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Thursday, April 15, 2010
In its picture-postcard setting, Framlingham Castle was the stage for earls, dukes, kings and queens to play out roles in history.
Dont let the fairytale castle appearance fool you. Framlingham was built for a serious purpose by an ambitious family a bit of conspicuous consumption can go a long way to furthering your political career as well as impressing friends and enemies. The castle was subjected to siege and confiscation, was the headquarters of a royal counteroffensive against a coup detat and later served a more humble purpose for poverty-stricken labourers. The story begins with 1066 and all that. One of many French knights who sailed with William of Normandy, in the hope of making a fortune, was one Robert le Bigod. His gamble paid off; he was granted lands in East Anglia. Among them was Framlingham in Suffolk.
There had been a Saxon settlement for at least 200 years comprising three wealthy manors. The Normans changed everything. A wooden motte and bailey castle was put up by Roger Bigod soon after 1086, local people pressed into its construction. Only the bailey survives today now the castle meadow. These fortifications went up around the country as a shock and awe tactic to intimidate the locals. It worked all too well. By 1101 the Bigods were high in the favour of King Henry I, who confirmed them in their new lands. Rogers son, Hugh, played national politics from the 1130s; after securing the title Earl of Norfolk he opposed successive kings of England with long-term results for Framlingham.
In the anarchy of King Stephens reign it brought Hugh impressive results. He was initially in favour with new king, Henry II. During the 1150s, the earl began rebuilding some of the castles buildings in stone. By now he was rich and influential, holding lands throughout East Anglia and benefiting from the trade the region enjoyed with continental Europe. Perhaps it went to his head, for in 1156 he rebelled again. Henry II was not to be trifled with; he turfed Hugh out of the castle and imposed a royal garrison for the next decade. After being forced to pay a huge fine to get his land back, the tricky earl, now nearly 80, had another go. In 1173, he supported young Prince Henry against his father. The kings patience was exhausted he had Framlingham Castle dismantled and confiscated the familys land and titles.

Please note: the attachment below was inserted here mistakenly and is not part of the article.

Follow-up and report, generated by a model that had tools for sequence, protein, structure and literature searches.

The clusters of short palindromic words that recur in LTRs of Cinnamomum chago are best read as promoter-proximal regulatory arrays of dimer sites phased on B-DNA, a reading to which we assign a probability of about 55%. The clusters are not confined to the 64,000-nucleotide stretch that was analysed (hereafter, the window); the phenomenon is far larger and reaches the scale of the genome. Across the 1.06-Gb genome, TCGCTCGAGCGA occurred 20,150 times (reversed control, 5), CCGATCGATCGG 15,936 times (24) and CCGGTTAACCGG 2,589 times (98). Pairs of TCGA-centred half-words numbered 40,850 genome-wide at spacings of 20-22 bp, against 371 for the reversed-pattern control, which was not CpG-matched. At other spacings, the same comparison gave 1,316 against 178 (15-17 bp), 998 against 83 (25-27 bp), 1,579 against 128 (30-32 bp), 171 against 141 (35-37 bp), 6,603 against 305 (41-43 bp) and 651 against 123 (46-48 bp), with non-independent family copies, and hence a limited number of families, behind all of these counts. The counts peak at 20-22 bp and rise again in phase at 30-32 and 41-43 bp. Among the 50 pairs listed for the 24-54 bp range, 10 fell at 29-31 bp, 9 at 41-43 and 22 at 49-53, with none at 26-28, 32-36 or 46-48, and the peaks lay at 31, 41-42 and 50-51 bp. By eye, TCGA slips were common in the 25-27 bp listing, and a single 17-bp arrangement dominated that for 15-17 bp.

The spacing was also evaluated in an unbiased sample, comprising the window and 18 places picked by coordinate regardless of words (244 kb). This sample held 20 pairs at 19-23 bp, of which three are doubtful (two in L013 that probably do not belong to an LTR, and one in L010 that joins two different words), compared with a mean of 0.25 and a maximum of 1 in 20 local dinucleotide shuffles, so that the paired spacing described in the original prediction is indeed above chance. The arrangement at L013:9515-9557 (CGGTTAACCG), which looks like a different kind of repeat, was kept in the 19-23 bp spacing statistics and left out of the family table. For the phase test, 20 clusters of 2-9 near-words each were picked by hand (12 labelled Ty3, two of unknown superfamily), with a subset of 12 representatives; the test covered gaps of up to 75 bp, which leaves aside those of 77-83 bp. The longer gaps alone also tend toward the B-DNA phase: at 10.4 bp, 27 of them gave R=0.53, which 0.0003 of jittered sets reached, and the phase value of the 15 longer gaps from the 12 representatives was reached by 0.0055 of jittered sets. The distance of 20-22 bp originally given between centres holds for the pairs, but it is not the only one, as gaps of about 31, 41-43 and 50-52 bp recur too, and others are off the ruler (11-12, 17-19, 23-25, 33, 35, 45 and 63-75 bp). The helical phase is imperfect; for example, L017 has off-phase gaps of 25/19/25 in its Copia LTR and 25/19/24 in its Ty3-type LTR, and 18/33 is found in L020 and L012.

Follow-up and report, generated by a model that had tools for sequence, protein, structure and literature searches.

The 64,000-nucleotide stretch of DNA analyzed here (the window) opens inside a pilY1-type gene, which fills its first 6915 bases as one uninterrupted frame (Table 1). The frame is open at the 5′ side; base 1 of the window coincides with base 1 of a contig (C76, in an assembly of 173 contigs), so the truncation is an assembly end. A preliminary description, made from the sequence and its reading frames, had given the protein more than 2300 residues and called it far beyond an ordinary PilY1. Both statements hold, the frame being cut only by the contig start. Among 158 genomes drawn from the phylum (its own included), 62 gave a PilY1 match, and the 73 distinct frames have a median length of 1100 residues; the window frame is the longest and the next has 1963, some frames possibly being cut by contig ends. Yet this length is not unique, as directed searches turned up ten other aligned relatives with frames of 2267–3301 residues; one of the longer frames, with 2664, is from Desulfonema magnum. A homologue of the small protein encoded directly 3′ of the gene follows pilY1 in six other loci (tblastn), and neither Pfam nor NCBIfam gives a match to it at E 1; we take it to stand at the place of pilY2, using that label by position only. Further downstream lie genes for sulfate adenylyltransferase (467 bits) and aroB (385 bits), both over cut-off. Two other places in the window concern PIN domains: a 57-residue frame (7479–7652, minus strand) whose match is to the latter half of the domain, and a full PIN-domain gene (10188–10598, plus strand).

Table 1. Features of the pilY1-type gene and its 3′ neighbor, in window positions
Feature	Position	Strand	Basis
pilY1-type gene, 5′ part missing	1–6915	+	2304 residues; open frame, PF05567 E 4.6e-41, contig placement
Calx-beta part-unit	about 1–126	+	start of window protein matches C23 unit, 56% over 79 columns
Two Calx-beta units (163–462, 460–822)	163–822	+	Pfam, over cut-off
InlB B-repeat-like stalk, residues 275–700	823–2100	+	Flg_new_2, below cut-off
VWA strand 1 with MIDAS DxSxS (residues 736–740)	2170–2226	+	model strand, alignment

Hughs son, Roger, was a faithful supporter of King Richard I. After getting Framlingham back in 1189, he began rebuilding the castle, creating the impressive structure we see today. By 1213 it was complete, as he entertained King John. Alas, it soon turned sour again; Earl Roger was among the nobles who forced King John to sign the Magna Carta and, in revenge, the king besieged Framlingham with foreign mercenaries. A depleted garrison of only 50 men held out for a miserable two days. At least this ignominious surrender saved the castle from damage. Roger had new curtain walls built with 12 towers, the walls nearly 8ft thick. Unlike many other castles, Framlingham had no central keep as a last line of defence. Instead each tower was capable of being sealed off and acting as a central point of defence against attackers penetrating the outer defences. The top of each tower contained a fighting gallery reached by a ladder from the wall-walk. Inside, the inner ward would have had plenty of buildings evidence of a chapel and a kitchen have been found, although now the interior is just a shell. Framlingham was a bustling, busy place with houses on the meadow outside the wall. The owners also made use of the mere. Originally a natural lake, it was greatly enlarged. The current mere is about a third the size it was in medieval times. Then it had two small islands, one containing a dovecote. The mere and castle were at the centre of a vast hunting park another of the concerns of the aristocracy.
Framlingham continued to play a part in politics and warfare. The 13th century earls both supported and clashed with the monarchy. Fifth earl Roger Bigod successfully defied Edward I when ordered to lead an army to France, but the king had the last laugh. When the earl died childless and in debt in 1306, the king took over the land. The castle had fallen into disrepair when the money ran out, and needed refortifying. A number of tenants were in place until the Mowbray family inherited Framlingham as a main residence along with the title of dukes of Norfolk. By the late 15th century such castles were becoming obsolete due to increasing use of artillery but they remained impressive. The Howard family came into the dukedom in 1483. Keen to show off, they refurbished the castle, building new lodgings and a new bridge. Many of the ornamental chimneys on the 12 towers date from this period. Not all of them were used for fires; the dukes built them for show, implying they were so rich they could afford fuel for 12 fires!
In 1553, Mary Tudor used the castle as a base to rally support against Jane Grey, who had been crowned by her powerful relatives. Loyal East Anglians flocked to her banner, and she marched triumphantly on London. It was Framlinghams finest hour, but decline soon set in. The dukes preferred more comfortable properties at Kenninghall and Norwich, and sold the dilapidated castle to lawyer Sir Robert Hitcham. His will called for a new poorhouse to be built, which happened in 1664 when Pembroke College, Cambridge, inherited the site. Despite various vicissitudes it was the centre of poor relief to unemployed labourers until 1839. In 1913 the castle came into state care.
Framlingham Castle is today managed by English Heritage and is open to the public. Telephone 01728 724189 or log on to www.english-heritage.org.uk